Red Sox: Is Chris Sale a legitimate MVP Candidate?

ANAHEIM, CA - JULY 21: A multiple exposure image of Chris Sale
ANAHEIM, CA - JULY 21: A multiple exposure image of Chris Sale /

It’s no secret Red Sox ace Chris Sale has been dominant this season, but has he been good enough to take home both of the American League top honors?

If you ask 100 fans to pick the MVP of the 2017 Boston Red Sox, I bet that at least 99% of them would agree on one man: Christopher Allen Sale.

Sale was acquired from the Chicago White Sox last December, and was excellent as soon as he put on the Red Sox uniform. His April 5 start (7 IP, 0ER, 7Ks) set the tone for his whole season.

He followed that game up by tying his personal record of eight straight games with 10+ strikeouts. A run like that has only been accomplished by one other, former Red Sox great Pedro Martinez.

Streaks be damned, in 21 starts this season Chris Sale has struck out 10+ 14 times. If you bump that qualifier down to 9+ (which is almost a better metric considering a lineup has 9 batters), he’s done it 18(!) times. That means he’s striking out at least 9 batters in 86% of his starts. That is unreal. He’s putting up video game numbers out here.

On top of the league leading 211 strikeouts, he’s currently leading the American League in ERA (2.37) and wins (13). If this pace continues, it looks like Sale has a legitimate shot at being the first pitcher to capture the AL Triple Crown since Justin Verlander in 2011. He would be the first Red Sox pitcher to take that title since Pedro did it in 1999.

This article could be about Sale and his shot at the Cy Young award. It’s not.

Sale is the AL Cy Young favorite by leaps and bounds. Sure, there’s an argument to be made for Corey Kluber (2.74 ERA, 8W, 149 Ks) or maybe Marcus Stroman (2.98 ERA, 9W, 105 Ks). However, it’s hard to imagine either of them going on such a dominant run that they edge out Sale. If he can stay healthy, it’s is his to lose.

This post is about Sale’s shot at being the first American League pitcher to take home the Cy Young AND the MVP award since Verlander did it in 2011.

So does he have a chance?

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Let’s look at the last pitchers to achieve this honor and see how Sale stacks up against his peers.

We’re gonna do some projections here and see how Sale might end the year. Sale figures to have 11 more starts this season on regular rest. Let’s assume that the Red Sox face another bout of pitcher injury/ineffectiveness and decide to use a day off to their advantage and squeeze him for one more start. That’s 12 more starts for The Condor.

In 21 games this season, Sale has been averaging seven innings per start, so we’ll use that number and say that he’ll pitch 84 more innings season. His K/9 is sitting at 12.8 which puts him on pace for another 119 strikeouts.

That gives him a cool 330 strikeouts, good for the 31st most Ks in one season. Even without an extra start, he’d still be on pace for over 300 strikeouts, a feat that hasn’t been accomplished in the AL since Pedro Martinez did it in his 1999 season. Starting to see a trend here? Good company for Sale.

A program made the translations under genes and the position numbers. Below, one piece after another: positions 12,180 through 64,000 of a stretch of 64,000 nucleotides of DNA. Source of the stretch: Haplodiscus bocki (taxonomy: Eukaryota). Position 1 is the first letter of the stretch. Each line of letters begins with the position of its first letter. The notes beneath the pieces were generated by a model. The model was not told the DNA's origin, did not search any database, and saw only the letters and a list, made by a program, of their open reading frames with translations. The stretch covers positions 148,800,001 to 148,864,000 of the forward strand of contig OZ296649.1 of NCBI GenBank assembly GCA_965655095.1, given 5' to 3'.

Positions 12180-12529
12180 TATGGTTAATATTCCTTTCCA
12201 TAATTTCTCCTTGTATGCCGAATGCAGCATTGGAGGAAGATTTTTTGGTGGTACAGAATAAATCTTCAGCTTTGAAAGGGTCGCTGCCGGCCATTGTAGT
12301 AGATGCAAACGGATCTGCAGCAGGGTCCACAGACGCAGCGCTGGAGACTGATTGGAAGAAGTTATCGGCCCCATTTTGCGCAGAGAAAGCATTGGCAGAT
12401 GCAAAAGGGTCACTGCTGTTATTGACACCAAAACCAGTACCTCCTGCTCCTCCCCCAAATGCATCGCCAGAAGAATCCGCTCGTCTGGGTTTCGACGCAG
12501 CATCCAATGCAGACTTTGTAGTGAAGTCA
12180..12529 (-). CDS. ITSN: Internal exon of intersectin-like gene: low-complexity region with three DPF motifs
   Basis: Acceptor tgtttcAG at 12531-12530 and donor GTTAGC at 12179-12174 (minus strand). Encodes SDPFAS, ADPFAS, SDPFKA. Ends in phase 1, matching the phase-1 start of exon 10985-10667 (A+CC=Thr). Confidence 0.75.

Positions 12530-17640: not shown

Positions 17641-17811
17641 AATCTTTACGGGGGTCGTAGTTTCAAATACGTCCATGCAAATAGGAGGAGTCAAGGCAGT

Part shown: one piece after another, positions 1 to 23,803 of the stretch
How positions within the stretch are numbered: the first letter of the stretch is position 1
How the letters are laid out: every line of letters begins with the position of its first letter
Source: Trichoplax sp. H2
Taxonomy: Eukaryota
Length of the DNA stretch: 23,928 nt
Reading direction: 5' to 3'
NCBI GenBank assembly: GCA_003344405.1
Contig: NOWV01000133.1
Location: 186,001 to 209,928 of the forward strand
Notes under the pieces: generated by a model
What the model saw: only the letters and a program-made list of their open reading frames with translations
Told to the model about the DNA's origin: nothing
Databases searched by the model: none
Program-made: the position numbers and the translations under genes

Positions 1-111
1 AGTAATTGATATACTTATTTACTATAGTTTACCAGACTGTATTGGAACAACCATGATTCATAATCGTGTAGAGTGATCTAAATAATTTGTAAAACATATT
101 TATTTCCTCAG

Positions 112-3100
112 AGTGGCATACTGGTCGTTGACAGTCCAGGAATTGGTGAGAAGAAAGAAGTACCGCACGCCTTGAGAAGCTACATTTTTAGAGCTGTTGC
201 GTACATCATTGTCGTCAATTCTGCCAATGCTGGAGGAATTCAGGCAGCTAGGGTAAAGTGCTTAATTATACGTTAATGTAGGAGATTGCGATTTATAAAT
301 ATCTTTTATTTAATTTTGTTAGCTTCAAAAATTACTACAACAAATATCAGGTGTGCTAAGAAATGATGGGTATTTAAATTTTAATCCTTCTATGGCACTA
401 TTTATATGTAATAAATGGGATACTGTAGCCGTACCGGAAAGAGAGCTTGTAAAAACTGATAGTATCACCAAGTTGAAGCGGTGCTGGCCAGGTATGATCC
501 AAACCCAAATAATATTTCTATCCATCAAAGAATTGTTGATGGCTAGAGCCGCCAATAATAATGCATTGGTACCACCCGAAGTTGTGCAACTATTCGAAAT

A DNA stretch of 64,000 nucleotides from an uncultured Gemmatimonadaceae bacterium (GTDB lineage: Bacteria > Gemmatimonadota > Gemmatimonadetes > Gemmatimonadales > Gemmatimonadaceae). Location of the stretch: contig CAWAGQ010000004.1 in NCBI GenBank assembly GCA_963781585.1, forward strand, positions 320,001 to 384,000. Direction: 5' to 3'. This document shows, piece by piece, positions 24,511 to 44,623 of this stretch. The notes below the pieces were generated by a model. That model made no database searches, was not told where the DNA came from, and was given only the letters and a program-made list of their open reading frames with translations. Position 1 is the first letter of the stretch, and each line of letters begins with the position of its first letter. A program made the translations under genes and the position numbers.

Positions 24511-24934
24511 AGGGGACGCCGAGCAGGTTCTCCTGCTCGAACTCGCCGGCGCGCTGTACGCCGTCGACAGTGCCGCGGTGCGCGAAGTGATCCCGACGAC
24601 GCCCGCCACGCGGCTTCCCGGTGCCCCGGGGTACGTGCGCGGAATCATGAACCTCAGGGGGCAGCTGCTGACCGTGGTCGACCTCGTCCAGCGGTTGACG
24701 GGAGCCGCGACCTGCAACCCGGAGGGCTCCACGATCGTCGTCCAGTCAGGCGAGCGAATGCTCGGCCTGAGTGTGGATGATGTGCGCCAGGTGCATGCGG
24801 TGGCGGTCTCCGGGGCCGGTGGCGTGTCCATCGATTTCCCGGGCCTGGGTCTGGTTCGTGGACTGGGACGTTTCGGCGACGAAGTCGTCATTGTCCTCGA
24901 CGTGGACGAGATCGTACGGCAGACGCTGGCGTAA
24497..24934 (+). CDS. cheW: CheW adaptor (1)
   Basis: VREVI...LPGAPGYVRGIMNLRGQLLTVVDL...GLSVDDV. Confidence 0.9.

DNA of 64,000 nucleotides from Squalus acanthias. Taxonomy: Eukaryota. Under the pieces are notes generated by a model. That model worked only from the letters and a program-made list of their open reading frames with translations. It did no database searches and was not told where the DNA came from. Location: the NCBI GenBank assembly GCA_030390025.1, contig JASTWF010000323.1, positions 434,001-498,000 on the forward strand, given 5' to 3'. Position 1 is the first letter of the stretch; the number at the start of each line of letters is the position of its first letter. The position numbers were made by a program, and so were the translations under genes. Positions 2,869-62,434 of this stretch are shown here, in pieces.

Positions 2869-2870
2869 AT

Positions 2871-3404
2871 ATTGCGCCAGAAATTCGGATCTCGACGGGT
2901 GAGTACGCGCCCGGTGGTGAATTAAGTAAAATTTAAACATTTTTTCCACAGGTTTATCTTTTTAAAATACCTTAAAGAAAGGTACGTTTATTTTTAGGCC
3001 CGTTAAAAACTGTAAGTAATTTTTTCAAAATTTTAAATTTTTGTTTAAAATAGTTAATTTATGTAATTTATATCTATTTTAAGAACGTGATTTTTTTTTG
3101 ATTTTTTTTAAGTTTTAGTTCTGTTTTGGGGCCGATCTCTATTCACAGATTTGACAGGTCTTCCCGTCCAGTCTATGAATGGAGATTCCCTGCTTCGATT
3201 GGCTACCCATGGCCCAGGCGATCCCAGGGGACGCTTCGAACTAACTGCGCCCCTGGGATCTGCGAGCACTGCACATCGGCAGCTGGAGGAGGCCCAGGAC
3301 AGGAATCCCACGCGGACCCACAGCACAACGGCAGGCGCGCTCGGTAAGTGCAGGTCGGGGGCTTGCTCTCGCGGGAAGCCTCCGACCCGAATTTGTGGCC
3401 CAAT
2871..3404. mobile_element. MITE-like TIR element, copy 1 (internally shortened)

Next up, let’s look at his projected ERA.

Since June 4, he’s lowered his ERA .52 points. Lowering a sub-3.00 ERA is impressive enough, but by that much? He’s posted a 1.04 ERA over his last five games, so potentially he ends up even lower than his current 2.37 ERA.

However, we’re going to project his next 12 games based on his last 12, and those numbers say he puts up a 2.50 ERA. That’s 23 more earned runs this season, bumping his season ERA to a spectacular 2.40.

Next up, the worst metric for pitcher success, and the most difficult to project: wins. There’s not a ton that Sale can do to influence his win totals besides continuing to pitch lights out and hoping his team backs him up.

Out of his four losses this season, he allowed more than two earned runs once. And it was only four over seven innings. Can’t pitch much better than that.

Given the current state of the Red Sox offense, this is mostly a guess here. Let’s say in his next 12 games Sale ends up with seven wins. Currently he has a 62% win percentage so that’s more or less in line with those numbers.

The numbers project Sale to end the season with a 2.40 ERA, 330 Ks, and a 19-6 record. Is that good enough to take both awards?

Kershaw in ‘15 won both with a 1.77 ERA, 239 Ks, and a 21-3 record. More wins and a lower ERA, but almost 100 strikeouts less than Sale. That was also in the National League, where the pitcher has the advantage of not facing a DH each game. 

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Verlander’s aforementioned 2011 campaign ended with a 2.40 ERA, 250Ks, and a 24-5 record. Again, more wins, but the same ERA and significantly less strikeouts.

If Sale continues at this level of dominance, he should end up with some pretty impressive numbers. However history tells us it would really help his case if he can crack 20 wins.

Even if he does crack 20 it’s still no guarantee he’d take MVP trophy. Pedro Martinez’s spectacular 1999 season saw him finish with a 2.07 ERA, 313 SOs, and a 23-4 record, a Cy Young and a (much contested) second place MVP finish. The same thing could happen to Sale in a year where there are two or three legitimate offensive challengers (Mike Trout, Jose Altuve or Aaron Judge).

Next: Red Sox expressing interest in Twins closer Brandon Kintzler

No matter what happens, there should be some exciting baseball to watch over the last third of the season.